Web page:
The cameras needed to be secured and a network of timing systems set as the first test, codenamed “X-ray,” rapidly approached. Instead of guns on these military aircraft, the “planes appeared to have a hundred eyes,” intoned the narrator of an Operation Sandstone documentary. This scene, which first played out during the 1946 Operation Crossroads Baker test, would repeat itself across decades of nuclear tests. Through their unique relationship with the explosion, the aerial surveyors were able to capture stunning photographs as planes flew around and above while shutters rapidly clicked.
While aerial images of fireballs and mushroom clouds from the weapons testing era are breathtaking, they also provide measurable—and irreplaceable—visual data that are as critical to research now as during the decades of nuclear testing.
“In the absence of weapons testing, these photos are absolutely vital today,” said Nanette Mayfield, Digital Collections group leader, National Security Research Center (NSRC). “Researchers rely on them for their national security work. Understanding past weapons tests helps scientists working on our nation’s stockpile, among other aspects of the Lab’s national security mission.”
As such, the NSRC is digitizing aerial test shot photographs by request and for publication projects. According to Tim Goorley, deputy director of the Strategic Analyses and Assessments Office, these photos are “evidence of the physical phenomena that occur during a nuclear detonation—proof of what really happens.”
As one example, Goorley said, images of the Nagasaki explosion provide visual information as to the different components of a mushroom cloud: the pure white “detonation debris cloud . . . of condensed water” and the “dirty cloud” made up of dirt and debris from the ground. The mixing of the two clouds, or lack of mixing, indicates the possible extent of fallout, or radioactive particles in the air after a detonation. Meanwhile, an aerial photo from the Operation Crossroads Able test “shows [that] the shock speed in the water is faster than the shock speed in air.”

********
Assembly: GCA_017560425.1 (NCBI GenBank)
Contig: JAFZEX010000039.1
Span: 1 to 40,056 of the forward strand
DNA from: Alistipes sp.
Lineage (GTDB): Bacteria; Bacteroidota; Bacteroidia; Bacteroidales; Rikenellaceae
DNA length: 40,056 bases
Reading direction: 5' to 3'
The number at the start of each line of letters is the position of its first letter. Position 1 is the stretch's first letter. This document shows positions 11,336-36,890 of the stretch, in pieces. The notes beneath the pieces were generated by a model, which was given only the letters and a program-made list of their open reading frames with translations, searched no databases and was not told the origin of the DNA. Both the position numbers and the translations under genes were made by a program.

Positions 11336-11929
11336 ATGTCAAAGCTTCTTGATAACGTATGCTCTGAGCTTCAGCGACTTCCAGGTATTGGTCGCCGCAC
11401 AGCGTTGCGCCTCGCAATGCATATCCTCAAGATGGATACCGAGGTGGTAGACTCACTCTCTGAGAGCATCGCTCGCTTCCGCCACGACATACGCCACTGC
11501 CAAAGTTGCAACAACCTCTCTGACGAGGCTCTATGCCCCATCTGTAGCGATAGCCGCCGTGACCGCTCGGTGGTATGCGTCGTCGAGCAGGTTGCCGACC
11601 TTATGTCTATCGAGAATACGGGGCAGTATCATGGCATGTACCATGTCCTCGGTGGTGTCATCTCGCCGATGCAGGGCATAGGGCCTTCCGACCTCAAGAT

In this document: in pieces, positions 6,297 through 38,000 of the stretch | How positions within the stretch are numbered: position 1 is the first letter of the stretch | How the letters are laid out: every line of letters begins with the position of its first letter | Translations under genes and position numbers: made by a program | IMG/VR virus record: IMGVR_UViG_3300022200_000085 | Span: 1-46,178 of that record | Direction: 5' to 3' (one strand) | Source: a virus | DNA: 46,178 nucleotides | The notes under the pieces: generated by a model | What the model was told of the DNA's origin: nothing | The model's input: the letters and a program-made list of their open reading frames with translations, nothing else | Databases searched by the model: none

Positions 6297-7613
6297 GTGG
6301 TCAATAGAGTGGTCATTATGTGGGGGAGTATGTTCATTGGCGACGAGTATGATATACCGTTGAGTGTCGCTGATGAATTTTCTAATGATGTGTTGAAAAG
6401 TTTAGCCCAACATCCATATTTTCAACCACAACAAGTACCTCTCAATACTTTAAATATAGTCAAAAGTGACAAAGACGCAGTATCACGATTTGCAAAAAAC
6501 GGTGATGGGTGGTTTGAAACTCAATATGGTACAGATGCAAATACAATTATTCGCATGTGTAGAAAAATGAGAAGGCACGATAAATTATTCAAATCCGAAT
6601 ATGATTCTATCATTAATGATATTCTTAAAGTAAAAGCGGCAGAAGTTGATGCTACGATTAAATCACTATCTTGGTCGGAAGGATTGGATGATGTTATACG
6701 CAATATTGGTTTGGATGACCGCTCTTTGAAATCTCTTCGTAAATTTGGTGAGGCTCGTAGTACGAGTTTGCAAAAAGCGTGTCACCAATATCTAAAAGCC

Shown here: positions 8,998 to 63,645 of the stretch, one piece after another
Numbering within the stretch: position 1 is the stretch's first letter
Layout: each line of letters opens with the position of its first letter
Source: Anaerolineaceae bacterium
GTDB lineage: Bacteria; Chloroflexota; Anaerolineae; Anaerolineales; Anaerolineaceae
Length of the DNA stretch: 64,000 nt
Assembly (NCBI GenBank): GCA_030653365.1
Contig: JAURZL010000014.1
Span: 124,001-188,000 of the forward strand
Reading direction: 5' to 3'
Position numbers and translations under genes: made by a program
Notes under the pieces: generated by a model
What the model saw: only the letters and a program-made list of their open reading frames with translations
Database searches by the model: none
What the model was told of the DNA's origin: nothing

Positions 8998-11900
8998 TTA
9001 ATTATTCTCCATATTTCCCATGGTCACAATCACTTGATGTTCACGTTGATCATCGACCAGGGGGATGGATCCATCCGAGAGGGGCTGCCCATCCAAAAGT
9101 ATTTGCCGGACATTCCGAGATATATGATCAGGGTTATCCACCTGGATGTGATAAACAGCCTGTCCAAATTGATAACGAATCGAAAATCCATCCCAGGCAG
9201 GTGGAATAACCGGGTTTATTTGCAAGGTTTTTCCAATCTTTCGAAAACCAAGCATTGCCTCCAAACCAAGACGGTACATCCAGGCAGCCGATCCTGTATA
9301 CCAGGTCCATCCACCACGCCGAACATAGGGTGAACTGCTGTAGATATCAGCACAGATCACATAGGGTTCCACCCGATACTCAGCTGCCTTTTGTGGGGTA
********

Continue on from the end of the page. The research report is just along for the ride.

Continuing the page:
From blast to cloud
During atmospheric nuclear testing operations, photo planes carried a breadth of aerial mapping and military-type reconnaissance cameras. The KC-1, K-17, K-24, and high-speed 16-mm Fastax, which shot 3,000 frames per second, all simultaneously captured the evolution of a blast from detonation to the tops of the clouds. Their purpose was to measure yield, altitude, and diameter.
The bird’s-eye view provided by aerial photography became essential as testing moved to higher altitudes and camera technology improved. In nuclear testing, weather was a variable factor, especially over the Pacific Ocean, where a large volume of testing took place, and unexpected heavy clouds often obscured ground views of atmospheric tests. A 1962 preliminary report from U.S. defense contractor Edgerton, Germeshausen, and Grier (EG&G) confirms the limitations of terrestrial cameras while affirming that photographs taken from a C-130 aircraft provided “excellent images of [mushroom] clouds.” EG&G was the Lab’s technical consulting firm, whose innovations in high-speed photography and timing systems made more advanced visual data collection possible.
Taking photographs from a plane had its challenges. According to Peter Kuran, nuclear testing documentary filmmaker and author of How to Photograph an Atomic Bomb, photographers and aircrew worked in open, depressurized planes at high, frigid altitudes. The extreme conditions didn’t rattle the aircrew as much as the blast shockwaves did, according to Kuran. Planes flew as close as 6 miles from the detonation at an altitude of 11,000 feet, and despite their colleagues’ forewarnings, the shockwaves that slammed into their planes unnerved the crews. “The first time was the one that forever stayed in their memories,” Kuran said.